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We place ourselves above animals. Profound knowledge, wisdom, conscience, and love, drawing the line between us and them. Most of us don’t realize that the line is extremely thin, vulnerable, and fragile. In a way, we could almost say, that the line isn’t there at all; humans may act like animals and animals like humans.

Mid-June, I was offered an opportunity that allowed me to help the helpless. The morning began with grey clouds and wet streets. The monsoon prevailed over our city, sending its sudden bursts of anger our way. Neighbourhood cats sought refuge in the dingy parking areas, under cars. The noisy birds hid in the leaves of trees, paying no notice to the snacks laid out on the windowsills. It was cold and unwelcoming.

As I was leaving the lift, I caught a glimpse of a murder of crows hanging in the open. They flew towards passers-by and then back to a resting spot. Their eyes wavered over to me for a second, until I faded into the background. I will never forget their scornful glances, their angry caws, their ruffled feathers.

‘They must have been protecting something.’ I thought.

It was then when I noticed a baby crow huddled on our concrete floors, against the wall. It screamed at me, with fear, I assumed. Natural human tendency clouded my doubts, and I went about my day instead of analysing the situation at hand.

“It was eight in the morning; the crow must have been playing around and its attentive parents would have been watching it.” I told myself.

At four sharp I returned, bidding my family goodbye. Pleased with the way my day had been, I skipped back, humming a tune. Then I saw, once again, the same crow. It was shivering due to the harsh winds, begging for warmth and comfort. I now realized; I must act on this immediately. Fear stopped me from putting a hand-out and simply carrying the bird away, for, two black beads watched me.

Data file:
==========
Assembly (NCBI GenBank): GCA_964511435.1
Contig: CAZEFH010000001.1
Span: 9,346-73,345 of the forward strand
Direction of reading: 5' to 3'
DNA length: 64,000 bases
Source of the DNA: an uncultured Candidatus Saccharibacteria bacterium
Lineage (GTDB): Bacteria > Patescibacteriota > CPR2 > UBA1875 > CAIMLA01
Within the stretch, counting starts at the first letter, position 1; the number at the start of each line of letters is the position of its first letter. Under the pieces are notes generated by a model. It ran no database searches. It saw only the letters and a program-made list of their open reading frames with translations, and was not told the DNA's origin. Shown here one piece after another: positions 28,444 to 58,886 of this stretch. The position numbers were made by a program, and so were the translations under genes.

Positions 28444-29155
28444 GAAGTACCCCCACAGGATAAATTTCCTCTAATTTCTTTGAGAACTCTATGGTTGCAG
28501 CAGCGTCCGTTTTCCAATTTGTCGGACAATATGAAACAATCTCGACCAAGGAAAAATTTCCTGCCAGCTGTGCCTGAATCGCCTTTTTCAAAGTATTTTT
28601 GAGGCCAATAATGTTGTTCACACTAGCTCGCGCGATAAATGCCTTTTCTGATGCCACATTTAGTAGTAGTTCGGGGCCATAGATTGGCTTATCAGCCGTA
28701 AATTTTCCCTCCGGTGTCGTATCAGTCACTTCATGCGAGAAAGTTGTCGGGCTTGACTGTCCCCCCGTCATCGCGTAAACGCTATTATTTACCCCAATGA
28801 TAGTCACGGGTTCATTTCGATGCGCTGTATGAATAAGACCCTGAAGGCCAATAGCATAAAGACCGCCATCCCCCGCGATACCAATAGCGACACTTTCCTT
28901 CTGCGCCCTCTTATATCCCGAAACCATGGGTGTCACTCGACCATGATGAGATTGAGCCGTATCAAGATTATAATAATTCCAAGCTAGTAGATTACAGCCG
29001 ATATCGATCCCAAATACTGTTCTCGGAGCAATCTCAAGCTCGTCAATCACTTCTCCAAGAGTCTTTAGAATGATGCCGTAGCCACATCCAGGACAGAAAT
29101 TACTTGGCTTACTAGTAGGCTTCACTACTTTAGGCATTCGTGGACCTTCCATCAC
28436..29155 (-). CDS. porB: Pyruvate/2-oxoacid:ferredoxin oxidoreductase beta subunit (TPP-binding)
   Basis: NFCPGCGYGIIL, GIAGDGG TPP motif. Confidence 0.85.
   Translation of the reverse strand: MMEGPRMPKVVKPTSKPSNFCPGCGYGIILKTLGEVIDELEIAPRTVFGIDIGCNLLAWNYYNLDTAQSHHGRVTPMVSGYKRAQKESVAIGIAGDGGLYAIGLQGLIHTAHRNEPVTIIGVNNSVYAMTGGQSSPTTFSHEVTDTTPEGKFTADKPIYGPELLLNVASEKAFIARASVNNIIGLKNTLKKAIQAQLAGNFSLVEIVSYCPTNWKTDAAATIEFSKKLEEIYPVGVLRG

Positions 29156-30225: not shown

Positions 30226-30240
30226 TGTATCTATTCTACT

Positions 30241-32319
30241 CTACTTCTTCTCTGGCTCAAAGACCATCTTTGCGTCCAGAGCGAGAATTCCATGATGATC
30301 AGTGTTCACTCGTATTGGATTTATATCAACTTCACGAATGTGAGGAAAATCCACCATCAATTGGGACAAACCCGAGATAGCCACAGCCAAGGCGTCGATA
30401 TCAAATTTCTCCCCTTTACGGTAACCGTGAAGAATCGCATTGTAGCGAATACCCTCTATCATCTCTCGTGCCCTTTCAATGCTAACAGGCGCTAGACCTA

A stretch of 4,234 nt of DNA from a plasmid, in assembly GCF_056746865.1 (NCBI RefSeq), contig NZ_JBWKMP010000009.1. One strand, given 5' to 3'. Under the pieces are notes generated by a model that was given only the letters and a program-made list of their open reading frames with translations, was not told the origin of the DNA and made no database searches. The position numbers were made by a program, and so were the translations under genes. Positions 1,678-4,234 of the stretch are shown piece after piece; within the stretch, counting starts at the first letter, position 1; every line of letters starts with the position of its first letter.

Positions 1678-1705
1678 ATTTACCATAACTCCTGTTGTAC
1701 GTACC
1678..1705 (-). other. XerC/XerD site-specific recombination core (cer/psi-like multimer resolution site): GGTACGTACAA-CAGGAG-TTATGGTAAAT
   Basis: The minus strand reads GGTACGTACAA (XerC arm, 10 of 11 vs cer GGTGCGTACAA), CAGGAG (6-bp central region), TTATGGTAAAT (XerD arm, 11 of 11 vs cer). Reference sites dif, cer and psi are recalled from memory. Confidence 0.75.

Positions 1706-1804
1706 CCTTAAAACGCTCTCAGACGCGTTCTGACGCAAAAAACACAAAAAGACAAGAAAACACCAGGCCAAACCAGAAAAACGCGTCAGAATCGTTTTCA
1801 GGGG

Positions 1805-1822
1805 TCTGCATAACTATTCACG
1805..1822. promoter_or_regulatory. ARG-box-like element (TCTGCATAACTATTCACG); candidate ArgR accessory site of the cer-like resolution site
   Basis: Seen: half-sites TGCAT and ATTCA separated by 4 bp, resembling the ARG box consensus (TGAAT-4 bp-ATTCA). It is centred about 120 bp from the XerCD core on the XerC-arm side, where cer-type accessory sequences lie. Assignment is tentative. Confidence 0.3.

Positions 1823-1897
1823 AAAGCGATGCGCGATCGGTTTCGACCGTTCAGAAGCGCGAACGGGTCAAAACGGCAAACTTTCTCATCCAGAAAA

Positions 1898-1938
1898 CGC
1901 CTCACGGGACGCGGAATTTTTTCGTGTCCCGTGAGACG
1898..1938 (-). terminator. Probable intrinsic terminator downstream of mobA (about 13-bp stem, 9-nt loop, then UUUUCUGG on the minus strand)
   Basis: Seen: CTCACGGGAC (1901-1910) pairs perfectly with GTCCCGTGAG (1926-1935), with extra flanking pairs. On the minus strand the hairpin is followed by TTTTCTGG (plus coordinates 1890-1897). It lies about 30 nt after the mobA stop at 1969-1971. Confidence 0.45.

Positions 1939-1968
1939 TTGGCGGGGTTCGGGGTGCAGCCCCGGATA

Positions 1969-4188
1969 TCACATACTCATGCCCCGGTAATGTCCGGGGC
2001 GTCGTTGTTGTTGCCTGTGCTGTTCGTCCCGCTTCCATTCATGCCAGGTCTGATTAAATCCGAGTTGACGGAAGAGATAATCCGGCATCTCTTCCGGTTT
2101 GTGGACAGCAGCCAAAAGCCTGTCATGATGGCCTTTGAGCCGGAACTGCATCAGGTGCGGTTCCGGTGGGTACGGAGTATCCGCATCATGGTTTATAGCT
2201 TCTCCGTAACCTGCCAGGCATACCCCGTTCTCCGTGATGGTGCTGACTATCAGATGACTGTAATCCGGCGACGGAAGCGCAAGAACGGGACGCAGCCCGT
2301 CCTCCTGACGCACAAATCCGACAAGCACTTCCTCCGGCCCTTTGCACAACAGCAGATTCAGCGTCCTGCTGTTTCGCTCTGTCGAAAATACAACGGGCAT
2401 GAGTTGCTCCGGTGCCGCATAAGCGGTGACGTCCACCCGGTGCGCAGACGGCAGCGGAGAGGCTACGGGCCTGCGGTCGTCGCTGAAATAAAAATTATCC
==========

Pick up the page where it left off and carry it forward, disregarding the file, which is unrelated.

I inquired with the security guard and cleaners on why no one had picked the bird up or fed it, they responded with pale faces, “The adult crows fly at our heads when we attempt to help the creature.”

I wasn’t fully convinced so I walked towards the crow and bent down, and my head was struck by four sharp talons. I looked up, to see the winged animals hovering over me. Running back to my house, I informed the lady who works at our house, Anita, of my little misadventure. She, too, loved animals, and knew a lot about them. The town she is from presented multiple ‘animal -rescue’ opportunities that she engaged in.

We quickly prepared a box for the freezing crow to rest in, cushioning it with cotton and cloth to provide some coziness and warmth, and a small bowl in the corner with a little food in it. I sprinted down, hands full, Anita by my side. We carefully planned our next steps. Anita quickly placed the box outside and slid back into the hall. She then struggled to place the crying crow chick in the bedded cardboard box. We failed at first, and then again, a few times, but her persistence won the day, and she managed to place the bird in the box. Although the bird was now warmer, little droplets of water continuously attacked it from above. We gently pushed the box under the roof and observed the crow.